As recently as a few weeks ago, I stood with Dr. Daniel Kim at the DMZ by North Korea. It’s a heartbreaking feeling to stand just a few hundred yards away from people locked in a country of repression and, for Christians, a place of severe persecution—and be able to do nothing to help them.
Those familiar with persecution statistics know that North Korea has ranked the highest country in religious persecution for the fourteenth straight year. But it’s not just North Korea that is closed to gospel missionaries or persecuting of Christians in the country. The annual study on religious persecution that ranked North Korea at the top has ranked the rest of the top ten as Muslim countries (Iraq, Eritrea, Afghanistan, Syria, Pakistan, Somalia, Sudan, Iran, and Libya).
What can those of us who live in freedom do for the sake of the gospel in closed nations?
The answer is so basic that we are prone to dismiss it. But before you do, remember the power in this basic answer—prayer.
- Pray for doors to open. In the past few decades, we’ve seen some countries previously closed to the gospel have government changes that opened their doors to missionaries. And in other nations, we’ve seen missionaries develop creative access ideas that have allowed them entrance to serve in underground ways.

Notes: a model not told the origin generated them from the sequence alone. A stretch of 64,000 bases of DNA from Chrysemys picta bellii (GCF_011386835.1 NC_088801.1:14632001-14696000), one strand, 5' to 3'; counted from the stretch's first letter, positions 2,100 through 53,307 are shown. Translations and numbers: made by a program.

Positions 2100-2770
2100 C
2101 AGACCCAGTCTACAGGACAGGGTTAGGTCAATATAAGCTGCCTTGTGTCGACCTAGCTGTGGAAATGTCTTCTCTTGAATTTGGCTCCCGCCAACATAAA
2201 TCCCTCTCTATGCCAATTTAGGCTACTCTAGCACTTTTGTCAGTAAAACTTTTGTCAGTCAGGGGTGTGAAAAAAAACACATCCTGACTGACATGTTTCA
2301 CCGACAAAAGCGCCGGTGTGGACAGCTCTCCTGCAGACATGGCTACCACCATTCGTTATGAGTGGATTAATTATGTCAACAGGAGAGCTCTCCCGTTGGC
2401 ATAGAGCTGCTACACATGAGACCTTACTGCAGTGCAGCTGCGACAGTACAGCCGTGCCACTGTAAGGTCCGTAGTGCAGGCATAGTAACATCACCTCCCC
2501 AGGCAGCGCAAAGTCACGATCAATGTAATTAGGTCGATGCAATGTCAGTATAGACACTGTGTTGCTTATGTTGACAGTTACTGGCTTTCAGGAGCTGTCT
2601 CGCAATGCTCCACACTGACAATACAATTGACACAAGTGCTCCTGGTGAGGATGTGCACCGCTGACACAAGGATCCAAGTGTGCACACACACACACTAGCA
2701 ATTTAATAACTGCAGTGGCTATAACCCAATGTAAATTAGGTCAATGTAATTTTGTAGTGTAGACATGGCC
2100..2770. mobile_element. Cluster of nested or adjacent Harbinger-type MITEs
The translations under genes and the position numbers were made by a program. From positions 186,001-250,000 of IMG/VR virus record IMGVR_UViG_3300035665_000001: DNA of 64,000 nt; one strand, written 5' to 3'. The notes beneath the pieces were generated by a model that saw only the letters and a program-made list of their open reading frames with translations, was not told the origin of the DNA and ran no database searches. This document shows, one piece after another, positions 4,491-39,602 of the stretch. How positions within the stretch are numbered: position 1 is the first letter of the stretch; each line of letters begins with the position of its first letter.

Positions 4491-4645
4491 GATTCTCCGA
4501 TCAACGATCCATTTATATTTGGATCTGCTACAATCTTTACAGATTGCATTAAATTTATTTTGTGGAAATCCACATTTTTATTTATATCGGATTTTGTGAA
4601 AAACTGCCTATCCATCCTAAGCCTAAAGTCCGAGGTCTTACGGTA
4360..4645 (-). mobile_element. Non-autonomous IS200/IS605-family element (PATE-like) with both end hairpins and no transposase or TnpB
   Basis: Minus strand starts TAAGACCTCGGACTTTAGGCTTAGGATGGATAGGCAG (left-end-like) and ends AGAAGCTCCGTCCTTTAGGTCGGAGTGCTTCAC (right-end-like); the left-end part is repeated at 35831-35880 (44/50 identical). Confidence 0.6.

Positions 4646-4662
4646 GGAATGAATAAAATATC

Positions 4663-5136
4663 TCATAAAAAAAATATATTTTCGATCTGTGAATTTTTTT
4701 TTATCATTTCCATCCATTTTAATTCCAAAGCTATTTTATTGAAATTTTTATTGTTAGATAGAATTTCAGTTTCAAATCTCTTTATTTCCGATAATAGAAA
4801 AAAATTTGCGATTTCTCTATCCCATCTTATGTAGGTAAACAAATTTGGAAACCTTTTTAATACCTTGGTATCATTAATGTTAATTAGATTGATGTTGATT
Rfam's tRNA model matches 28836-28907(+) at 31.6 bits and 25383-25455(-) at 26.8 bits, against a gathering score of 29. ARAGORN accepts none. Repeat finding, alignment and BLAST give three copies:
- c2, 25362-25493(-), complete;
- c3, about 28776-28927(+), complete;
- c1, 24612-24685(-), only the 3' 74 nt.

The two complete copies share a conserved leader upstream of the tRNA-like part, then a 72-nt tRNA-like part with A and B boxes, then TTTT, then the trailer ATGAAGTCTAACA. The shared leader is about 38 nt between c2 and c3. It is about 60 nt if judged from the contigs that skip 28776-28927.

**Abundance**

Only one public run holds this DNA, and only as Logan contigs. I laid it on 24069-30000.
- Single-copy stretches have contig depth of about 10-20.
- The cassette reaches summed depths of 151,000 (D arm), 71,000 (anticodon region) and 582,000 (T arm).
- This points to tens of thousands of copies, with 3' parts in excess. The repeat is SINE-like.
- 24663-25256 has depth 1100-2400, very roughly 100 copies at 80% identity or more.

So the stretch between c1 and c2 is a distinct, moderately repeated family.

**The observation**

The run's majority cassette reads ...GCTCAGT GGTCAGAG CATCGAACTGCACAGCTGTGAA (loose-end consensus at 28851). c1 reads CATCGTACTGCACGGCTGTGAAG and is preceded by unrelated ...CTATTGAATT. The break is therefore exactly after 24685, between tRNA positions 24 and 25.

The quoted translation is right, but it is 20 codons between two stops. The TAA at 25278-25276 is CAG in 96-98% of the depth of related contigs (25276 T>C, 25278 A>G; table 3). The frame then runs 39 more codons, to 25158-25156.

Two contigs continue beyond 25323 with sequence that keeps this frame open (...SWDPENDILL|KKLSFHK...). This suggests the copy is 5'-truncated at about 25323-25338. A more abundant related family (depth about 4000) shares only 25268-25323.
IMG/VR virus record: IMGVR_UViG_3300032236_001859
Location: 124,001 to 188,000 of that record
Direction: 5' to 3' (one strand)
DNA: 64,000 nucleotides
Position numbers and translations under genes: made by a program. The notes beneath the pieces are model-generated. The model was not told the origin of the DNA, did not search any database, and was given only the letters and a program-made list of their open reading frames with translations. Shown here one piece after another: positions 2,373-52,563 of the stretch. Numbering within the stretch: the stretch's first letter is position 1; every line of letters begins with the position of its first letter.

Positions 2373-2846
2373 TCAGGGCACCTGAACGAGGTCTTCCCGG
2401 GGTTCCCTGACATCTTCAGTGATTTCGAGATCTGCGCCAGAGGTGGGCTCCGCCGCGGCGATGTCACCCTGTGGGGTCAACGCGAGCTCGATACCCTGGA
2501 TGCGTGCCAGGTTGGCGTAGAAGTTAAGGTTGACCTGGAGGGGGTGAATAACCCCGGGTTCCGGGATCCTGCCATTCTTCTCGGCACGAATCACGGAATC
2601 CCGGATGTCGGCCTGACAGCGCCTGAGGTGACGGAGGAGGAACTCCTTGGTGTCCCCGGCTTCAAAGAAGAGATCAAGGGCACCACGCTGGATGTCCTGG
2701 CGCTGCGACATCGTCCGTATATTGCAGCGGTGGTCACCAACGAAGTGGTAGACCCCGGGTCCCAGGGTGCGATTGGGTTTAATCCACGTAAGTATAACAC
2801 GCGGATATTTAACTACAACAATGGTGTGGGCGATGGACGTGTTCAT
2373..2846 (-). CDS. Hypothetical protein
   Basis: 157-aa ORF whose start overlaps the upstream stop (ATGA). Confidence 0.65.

- Pray for leaders who will be instrumental in opening doors. The Lord can use government and political leaders like a Ronald Regan (who was instrumental, to say the least, in the collapse of the Soviet Union) to open doors to missionaries. Pray that we would have American leaders with the courage and wisdom to see closed countries open to missionaries.
- Pray for laborers. Above all, pray as Jesus Himself requested as He also surveyed a people in need of the gospel: “Then saith he unto his disciples, The harvest truly is plenteous, but the labourers are few; Pray ye therefore the Lord of the harvest, that he will send forth labourers into his harvest” (Matthew 9:37–38).
Whenever I talk with Dr. Kim about North Korea, I’m impressed by two things—that he really prays for North Korea. (You don’t talk with Dr. Kim about the need in North Korea without a time of prayer for the Christians currently living there and for the doors to open.)
Second, I’m impressed by the faith with which he prays, evidenced by the fact that the church he pastors in Seoul has long been preparing for the moment the doors open. They have been setting aside funds and are prepared both financially and personally to pour into that country with the gospel.
We never know how the Lord will work, but we do know that He has commanded us to pray for laborers and has promised to answer our prayers.
In the twentieth commencement exercises of West Coast Baptist College in May 2015, we saw the two thousandth graduate of the college receive his diploma—a young man from a closed country who is already back in that closed country preaching the gospel.
God is able to raise up laborers. And there are billions of people waiting for them.